The Hum- A Description

The Hum has a characteristic sound described either as an idling Diesel engine or the drone of a distant aircraft
The Hum is not constant in intensity, periods of high levels have been noted during the early hours, at weekends and bank holidays, the period between Christmas and the New Year is notorious for high levels.

The intensity of the Hum is invariably greater indoors than out and greater upstairs than down. The Hum can also be "heard" in a stationary car with the engine switched off.

The use of sound proofing, ear-plugs or ear protectors are ineffective, in fact, by eliminating extraneous noise, they only serve to intensify the perceived Hum level.

The Hum is very selective, approximately 5% of the population "hear" the noise, almost all are aged 50 or over, and 70% of these are women.

The physical effects which accompany the Hum vary both in type and intensity and depend a great deal on the individual.
The most common effects reported are:

* Insomnia        * Difficulty concentrating   * Headache      * Burning Skin   
* Nausea          * Fatigue                    * Tension       * Pins and Needles  
* Muscle Spasms   * Heart Palpitations         * Eye Strain    * Ear Pressure

If you find that in the household you are the only one that can "hear" the noise and it always decreases when you go outdoors, than it is a pretty safe bet that you are affected by the Hum.

Rating Scale this scale was derived and posted with kind permission of the German Hum site IGZAB

0 = no hum audible
1 = moderate. The hum is constantly audible, but only as a quiet, soft background noise. Sleeping is not affected.
2 = disruptive. The hum is apparent even above other noises, becoming annoying and irritating. Any of the following may also be experienced: a rumbling noise, pressure on the ears, inability to concentrate, sleep disruptions or difficulty falling asleep. If the affected person is attempting to work in a quiet situation, the hum makes it difficult to think.
3 = very disruptive. Volume and / or vibrations (see note below) at a higher level. Affected person feels a compulsion to seek the outdoors to escape the noise, and may become aggressive. If sleeping, then the periods of being unable to sleep exceed the periods of sleep. The affected person is therefore fatigued during the day.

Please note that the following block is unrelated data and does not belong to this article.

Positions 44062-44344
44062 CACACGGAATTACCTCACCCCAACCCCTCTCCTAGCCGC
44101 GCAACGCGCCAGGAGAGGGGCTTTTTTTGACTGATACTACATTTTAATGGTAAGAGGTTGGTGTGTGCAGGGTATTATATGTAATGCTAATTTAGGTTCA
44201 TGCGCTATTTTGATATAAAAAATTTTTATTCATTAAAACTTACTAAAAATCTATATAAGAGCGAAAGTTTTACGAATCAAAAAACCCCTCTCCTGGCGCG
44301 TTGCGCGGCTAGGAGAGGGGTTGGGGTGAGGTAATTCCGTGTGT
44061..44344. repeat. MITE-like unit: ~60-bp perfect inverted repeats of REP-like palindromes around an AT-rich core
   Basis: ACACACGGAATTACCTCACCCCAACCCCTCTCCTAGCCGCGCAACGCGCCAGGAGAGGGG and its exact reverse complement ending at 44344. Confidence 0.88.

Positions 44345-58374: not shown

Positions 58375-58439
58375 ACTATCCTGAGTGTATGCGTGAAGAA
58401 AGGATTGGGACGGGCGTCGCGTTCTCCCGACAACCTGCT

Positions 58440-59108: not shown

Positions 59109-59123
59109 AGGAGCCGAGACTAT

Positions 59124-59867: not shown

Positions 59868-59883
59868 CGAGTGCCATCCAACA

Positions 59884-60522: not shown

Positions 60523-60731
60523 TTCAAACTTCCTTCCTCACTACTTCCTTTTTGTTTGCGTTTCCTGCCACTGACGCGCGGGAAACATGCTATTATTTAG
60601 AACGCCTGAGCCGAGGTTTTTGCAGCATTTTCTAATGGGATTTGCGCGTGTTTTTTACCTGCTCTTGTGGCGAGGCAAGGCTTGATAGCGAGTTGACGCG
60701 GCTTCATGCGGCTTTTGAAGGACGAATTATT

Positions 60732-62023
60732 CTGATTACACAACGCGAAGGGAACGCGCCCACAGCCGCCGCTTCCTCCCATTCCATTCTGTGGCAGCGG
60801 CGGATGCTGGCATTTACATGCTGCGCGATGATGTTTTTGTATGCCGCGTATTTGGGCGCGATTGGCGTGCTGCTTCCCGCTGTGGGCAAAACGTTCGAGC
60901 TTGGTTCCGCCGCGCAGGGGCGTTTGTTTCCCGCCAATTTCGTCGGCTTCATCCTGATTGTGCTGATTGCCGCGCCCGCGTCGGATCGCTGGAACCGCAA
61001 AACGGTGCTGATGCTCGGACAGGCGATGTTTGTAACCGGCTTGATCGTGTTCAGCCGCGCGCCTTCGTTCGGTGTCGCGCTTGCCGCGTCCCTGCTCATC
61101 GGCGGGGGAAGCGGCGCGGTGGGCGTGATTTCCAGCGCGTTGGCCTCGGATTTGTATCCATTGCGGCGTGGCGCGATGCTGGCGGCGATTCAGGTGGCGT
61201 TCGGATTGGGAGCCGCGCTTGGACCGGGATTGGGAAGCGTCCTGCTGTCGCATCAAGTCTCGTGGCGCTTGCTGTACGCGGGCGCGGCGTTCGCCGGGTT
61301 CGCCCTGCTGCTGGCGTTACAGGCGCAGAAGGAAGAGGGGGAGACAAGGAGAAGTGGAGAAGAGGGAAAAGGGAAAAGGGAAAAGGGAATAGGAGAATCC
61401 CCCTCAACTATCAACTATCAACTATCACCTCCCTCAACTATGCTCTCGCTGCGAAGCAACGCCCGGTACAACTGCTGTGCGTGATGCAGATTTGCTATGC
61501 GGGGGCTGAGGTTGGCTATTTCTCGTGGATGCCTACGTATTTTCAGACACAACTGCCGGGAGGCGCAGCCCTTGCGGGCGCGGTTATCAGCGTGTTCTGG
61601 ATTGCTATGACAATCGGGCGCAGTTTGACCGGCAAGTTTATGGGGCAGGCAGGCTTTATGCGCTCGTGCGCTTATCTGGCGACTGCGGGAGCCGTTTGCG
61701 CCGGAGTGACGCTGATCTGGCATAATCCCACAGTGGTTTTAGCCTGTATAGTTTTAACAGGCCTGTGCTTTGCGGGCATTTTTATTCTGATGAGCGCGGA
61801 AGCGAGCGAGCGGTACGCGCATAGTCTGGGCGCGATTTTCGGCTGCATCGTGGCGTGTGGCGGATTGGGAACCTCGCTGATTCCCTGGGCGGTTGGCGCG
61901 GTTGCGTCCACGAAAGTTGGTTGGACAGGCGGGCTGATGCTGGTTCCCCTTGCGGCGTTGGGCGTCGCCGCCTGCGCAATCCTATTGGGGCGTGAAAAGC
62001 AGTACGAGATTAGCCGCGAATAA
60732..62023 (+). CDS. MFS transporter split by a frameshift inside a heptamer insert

4 = physical (bodily) symptoms. The noise is so insistent that thinking is prevented. The affected person is left with only the wish that the noise would stop! Symptoms such as the following may be experienced: dizziness, a feeling of pressure in the chest, perspiration, sleeplessness, uncontrolled twitching of the eyes, muscular vibrations or cramps, uncontrolled muscular twitches, a stiff neck, tension headache, irregular pulse, muscle and joint pain. The associated tension and excitation results in exhaustion. Vibrations (see below) are experienced at an intense level and perhaps in combination with a rumbling.
5 = hardly bearable. The hum is overpowering and survival is the only remaining thought. The affected person retreats into a foetal position in reaction to the onslaught of sensory perception. The symptoms described for level 4 may be combined with the feeling of the body being subjected to electrical current

It is interesting to note that of a list of 20 symptoms prepared by an organization researching Chronic Fatigue Syndrome (ME) , 16 of these symptoms could be equally applied to those suffering from the HUM


A small sample of press cuttings collected from British newspapers over the past 23 years:

 

Extracts from articles in British newspaper collected over the past 23 years

Sunday Telegraph May 2001
Unidentified low frequency humming continues to be a problem around the country. A throbbing or whirring sound known as the Largs hum has plagued coastal towns in Strathclyde for more than 20 years causing discomfort, nausea and nosebleeds.
You are lucky if you can get an hourís sleep at night said Georgie Hyslop, a former Royal Air Force radar operative, who has suffered from the hum every day for a year. It gives you headaches, your ears pop, you feel your nose bursting and your chest crushing in.

The Herald March 2001
Mystery hum forces couple out of home.